US cable industry reels after Obama net neutrality call
| 11 November 2014
He may have pleased consumers but the US cable industry has taken a huge hit after US president Barack Obama called for the country's regulator the FCC to guarantee a free and open Internet.

Obama's statement began with the proposition that an open Internet is essential to the American economy, and increasingly to the American way of life. But he warned that it was something that the country could not take for granted and that the country could not allow Internet service providers (ISPs) to restrict the best access or to pick winners and losers in the online marketplace for services and ideas.

He said: "I believe the FCC should create a new set of rules protecting net neutrality and ensuring that neither the cable company nor the phone company will be able to act as a gatekeeper, restricting what you can do or see online. The rules I am asking for are simple, common-sense steps that reflect the Internet you and I use every day, and that some ISPs already observe."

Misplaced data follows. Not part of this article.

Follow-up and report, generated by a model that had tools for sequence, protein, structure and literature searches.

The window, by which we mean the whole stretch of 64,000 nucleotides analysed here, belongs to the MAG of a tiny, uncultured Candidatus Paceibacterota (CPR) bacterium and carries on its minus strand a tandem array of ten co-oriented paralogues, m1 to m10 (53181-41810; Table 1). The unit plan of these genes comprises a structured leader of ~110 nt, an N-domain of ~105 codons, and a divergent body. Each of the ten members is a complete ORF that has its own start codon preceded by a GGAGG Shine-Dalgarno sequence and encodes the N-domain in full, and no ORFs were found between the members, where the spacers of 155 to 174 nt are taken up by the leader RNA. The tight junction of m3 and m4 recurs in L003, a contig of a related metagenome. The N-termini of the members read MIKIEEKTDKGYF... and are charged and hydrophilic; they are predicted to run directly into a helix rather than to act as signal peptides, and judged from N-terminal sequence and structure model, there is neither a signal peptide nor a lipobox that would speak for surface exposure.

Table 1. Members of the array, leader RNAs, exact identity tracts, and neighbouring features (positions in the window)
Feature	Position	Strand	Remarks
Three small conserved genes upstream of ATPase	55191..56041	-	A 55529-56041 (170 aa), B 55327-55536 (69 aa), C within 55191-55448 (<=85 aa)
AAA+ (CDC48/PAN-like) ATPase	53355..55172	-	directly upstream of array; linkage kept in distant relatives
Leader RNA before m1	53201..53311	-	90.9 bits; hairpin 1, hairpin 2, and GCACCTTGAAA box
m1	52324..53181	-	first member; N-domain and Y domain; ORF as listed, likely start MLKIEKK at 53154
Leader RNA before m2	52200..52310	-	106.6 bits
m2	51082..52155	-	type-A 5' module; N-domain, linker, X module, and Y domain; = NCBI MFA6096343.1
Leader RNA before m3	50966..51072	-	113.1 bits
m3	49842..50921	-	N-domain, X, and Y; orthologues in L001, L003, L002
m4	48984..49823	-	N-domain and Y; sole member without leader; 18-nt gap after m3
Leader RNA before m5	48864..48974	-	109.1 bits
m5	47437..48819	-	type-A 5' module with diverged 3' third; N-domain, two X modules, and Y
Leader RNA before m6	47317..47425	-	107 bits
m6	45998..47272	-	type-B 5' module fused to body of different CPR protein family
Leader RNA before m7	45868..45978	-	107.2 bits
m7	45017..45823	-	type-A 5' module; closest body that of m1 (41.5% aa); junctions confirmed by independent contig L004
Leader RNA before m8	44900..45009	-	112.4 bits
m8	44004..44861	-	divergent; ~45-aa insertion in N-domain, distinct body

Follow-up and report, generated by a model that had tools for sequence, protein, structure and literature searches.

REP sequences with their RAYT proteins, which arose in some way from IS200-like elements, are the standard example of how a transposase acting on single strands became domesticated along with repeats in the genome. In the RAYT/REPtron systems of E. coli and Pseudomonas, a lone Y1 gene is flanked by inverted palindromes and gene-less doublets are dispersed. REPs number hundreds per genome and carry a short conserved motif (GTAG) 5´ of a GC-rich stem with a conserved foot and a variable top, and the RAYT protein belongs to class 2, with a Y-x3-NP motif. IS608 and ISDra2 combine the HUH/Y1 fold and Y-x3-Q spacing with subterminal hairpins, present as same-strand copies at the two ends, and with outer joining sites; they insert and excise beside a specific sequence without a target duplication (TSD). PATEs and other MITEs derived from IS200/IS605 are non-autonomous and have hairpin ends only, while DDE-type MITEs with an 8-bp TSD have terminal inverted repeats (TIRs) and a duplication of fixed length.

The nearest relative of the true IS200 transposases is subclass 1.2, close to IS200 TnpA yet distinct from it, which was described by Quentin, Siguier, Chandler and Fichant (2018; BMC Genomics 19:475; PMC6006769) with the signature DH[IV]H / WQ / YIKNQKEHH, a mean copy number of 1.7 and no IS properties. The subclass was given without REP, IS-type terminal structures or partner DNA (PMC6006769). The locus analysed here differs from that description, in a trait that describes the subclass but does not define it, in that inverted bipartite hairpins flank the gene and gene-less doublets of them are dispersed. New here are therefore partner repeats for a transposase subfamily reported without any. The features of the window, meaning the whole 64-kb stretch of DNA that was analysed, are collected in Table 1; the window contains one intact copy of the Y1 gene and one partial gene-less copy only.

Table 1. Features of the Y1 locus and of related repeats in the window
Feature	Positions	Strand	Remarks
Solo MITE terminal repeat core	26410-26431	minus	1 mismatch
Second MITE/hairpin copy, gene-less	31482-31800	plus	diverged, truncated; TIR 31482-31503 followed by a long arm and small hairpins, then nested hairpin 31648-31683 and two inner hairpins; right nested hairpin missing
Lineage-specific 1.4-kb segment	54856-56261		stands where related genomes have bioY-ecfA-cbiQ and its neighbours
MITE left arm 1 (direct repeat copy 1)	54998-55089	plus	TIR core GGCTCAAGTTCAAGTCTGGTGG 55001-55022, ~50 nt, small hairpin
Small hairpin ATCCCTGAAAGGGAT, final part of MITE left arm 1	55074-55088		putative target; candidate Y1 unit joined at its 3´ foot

These steps fell under four categories: no blocking, no throttling, increased transparency and no paid prioritisation. That is to say ISPs should not be in a position to block consumer requests to access to a website or service if the content was legal and nor should ISPs be able to intentionally slow down some content or speed up others.

Obama also asked the FCC to ensure that the last mile connection between consumers and ISPs was "not the only place some sites might get special treatment" and to make full use of the transparency authorities the US supreme court recently upheld, and if necessary to apply net neutrality rules to points of interconnection between the ISP and the rest of the Internet.

Most pointedly Obama demanded that no service should be stuck in a slow lane because it does not pay a fee, such as that paid by Netflix to ISPs such as Comcast and Verizon. He added: "That kind of gatekeeping would undermine the level playing field essential to the Internet's growth. So, as I have before, I am asking for an explicit ban on paid prioritisation and any other restriction that has a similar effect."